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Recent Advances in Cyber Psychology and Behavior: Mental Health in Current Information Era

A special issue of International Journal of Environmental Research and Public Health (ISSN 1660-4601). This special issue belongs to the section "Behavioral and Mental Health".

Deadline for manuscript submissions: 31 December 2024 | Viewed by 4797

Special Issue Editor


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Guest Editor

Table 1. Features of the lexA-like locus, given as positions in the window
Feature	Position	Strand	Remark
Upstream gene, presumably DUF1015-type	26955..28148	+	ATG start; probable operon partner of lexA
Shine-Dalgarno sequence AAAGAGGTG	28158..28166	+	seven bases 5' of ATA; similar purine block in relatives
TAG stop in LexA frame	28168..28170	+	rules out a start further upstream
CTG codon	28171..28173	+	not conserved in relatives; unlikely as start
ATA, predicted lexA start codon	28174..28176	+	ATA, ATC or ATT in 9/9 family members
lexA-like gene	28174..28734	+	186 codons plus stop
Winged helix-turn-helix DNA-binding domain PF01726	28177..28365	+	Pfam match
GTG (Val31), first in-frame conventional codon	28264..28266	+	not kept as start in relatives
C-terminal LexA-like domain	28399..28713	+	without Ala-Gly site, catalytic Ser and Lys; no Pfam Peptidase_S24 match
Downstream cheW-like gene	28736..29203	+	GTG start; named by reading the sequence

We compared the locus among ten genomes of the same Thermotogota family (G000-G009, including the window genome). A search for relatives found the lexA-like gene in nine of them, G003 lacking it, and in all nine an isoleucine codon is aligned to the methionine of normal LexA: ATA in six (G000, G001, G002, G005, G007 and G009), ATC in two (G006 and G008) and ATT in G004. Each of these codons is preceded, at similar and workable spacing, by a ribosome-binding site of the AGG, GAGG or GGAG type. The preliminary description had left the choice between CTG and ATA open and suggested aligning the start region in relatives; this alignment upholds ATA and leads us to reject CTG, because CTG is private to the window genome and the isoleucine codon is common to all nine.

School of Psychology, Central China Normal University, Wuhan 430079, China
Interests: cyber-psychology and behavior; social and personality development; mental health; social media; digital technology usage
Special Issues, Collections and Topics in MDPI journals

Special Issue Information

Dear Colleagues,